Some people may link journaling with the traditional way where one seems to be talking to their diary and telling it about their daily experiences, but there are various types of journaling styles that you can explore. Here are just a few:

Bullet Journaling: A combination of several types of journaling arranged in an organized system. It can be done on a blank sheet of paper and you could start it however you feel like doing so and treat it like a diary, a weekly planner, a to-do list, or a calendar. 

Gratitude Journaling: A simple way to express your gratitude by writing down what you are most thankful for. By doing this every day, you will develop a good habit of being grateful and you can look back on it whenever you’re feeling a little down.

Daily Journaling: A great way to document your daily experiences, thoughts, and feelings. This can be written in detailed paragraphs or concise lists but regardless of your approach, this provides an excellent opportunity to check in with yourself regularly, track time, or create personal mementos.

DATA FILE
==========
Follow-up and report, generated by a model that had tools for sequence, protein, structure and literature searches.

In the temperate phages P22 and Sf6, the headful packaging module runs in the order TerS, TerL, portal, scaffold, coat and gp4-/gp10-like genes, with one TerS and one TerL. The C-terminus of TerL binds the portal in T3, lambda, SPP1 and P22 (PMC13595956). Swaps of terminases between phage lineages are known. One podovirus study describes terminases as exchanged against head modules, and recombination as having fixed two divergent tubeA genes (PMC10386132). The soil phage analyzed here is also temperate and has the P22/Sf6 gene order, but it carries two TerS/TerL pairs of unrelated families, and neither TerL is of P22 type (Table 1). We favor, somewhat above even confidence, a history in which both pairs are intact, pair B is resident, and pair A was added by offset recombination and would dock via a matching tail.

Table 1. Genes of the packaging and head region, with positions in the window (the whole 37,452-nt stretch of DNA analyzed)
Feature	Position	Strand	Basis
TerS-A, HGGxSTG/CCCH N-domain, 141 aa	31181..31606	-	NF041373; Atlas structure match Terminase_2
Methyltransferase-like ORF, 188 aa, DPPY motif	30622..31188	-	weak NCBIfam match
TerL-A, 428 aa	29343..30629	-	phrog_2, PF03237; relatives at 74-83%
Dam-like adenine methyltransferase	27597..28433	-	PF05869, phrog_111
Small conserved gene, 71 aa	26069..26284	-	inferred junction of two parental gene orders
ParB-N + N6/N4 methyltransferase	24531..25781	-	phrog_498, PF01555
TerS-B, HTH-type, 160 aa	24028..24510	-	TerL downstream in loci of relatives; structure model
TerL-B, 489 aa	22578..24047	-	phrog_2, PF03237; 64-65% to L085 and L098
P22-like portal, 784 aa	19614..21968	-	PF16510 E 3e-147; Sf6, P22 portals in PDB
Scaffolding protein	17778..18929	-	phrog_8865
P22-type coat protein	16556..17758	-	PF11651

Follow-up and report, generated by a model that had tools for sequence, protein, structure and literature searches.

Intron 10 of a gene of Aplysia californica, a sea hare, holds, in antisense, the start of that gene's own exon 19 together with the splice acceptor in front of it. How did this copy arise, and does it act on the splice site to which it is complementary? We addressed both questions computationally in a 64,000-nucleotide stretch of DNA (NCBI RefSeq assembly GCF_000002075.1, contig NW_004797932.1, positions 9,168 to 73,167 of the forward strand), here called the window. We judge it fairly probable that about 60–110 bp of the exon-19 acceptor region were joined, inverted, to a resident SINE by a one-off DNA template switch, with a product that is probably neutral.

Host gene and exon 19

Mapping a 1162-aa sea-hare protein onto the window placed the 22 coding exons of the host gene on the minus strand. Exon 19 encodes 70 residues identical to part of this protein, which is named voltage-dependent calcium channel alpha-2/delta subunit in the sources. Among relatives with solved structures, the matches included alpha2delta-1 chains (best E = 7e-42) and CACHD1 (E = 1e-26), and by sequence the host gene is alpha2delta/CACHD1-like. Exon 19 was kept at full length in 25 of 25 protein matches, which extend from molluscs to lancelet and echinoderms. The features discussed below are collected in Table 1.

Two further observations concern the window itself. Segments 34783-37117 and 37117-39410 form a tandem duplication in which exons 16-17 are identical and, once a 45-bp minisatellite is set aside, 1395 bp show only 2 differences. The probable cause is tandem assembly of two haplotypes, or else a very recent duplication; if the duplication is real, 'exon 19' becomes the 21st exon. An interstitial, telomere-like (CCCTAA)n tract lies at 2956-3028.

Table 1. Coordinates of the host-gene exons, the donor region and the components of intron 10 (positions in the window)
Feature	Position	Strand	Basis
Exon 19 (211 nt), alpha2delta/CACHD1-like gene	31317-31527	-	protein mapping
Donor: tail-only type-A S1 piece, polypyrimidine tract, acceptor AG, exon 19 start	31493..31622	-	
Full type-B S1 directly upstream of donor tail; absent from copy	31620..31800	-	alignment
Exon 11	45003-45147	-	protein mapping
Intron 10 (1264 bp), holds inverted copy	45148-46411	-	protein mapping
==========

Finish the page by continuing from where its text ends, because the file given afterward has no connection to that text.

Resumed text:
How to get started with journaling

A therapist talking to a client

If you are genuinely interested in knowing why journaling is good for your mental health and would like to try it for yourself, then there are several ways to get started. 

Journaling psychology is about consistency, and like all creative pursuits, practice and consistency can help yield the best results. 

First, choose a time during the day or during the week that works for you, and see if you can carve out that time regularly to write, even if just for a few minutes. Perhaps it’s in the morning with your coffee or tea before starting work, or perhaps it’s following sessions with your therapist to unpack what you’ve discussed that day.

Second, take some time to experiment and identify what style of journaling may be most effective for your specific needs as there are various types, such as traditional diary, gratitude journaling, and bullet journaling as mentioned above. If you are a more visual person, perhaps you create a mixed-style approach of drawing and writing your thoughts.

Once you have decided on which approach you prefer, setting aside a regular time and place for journaling can further enhance the therapeutic benefits of this practice.

How to make journaling a habit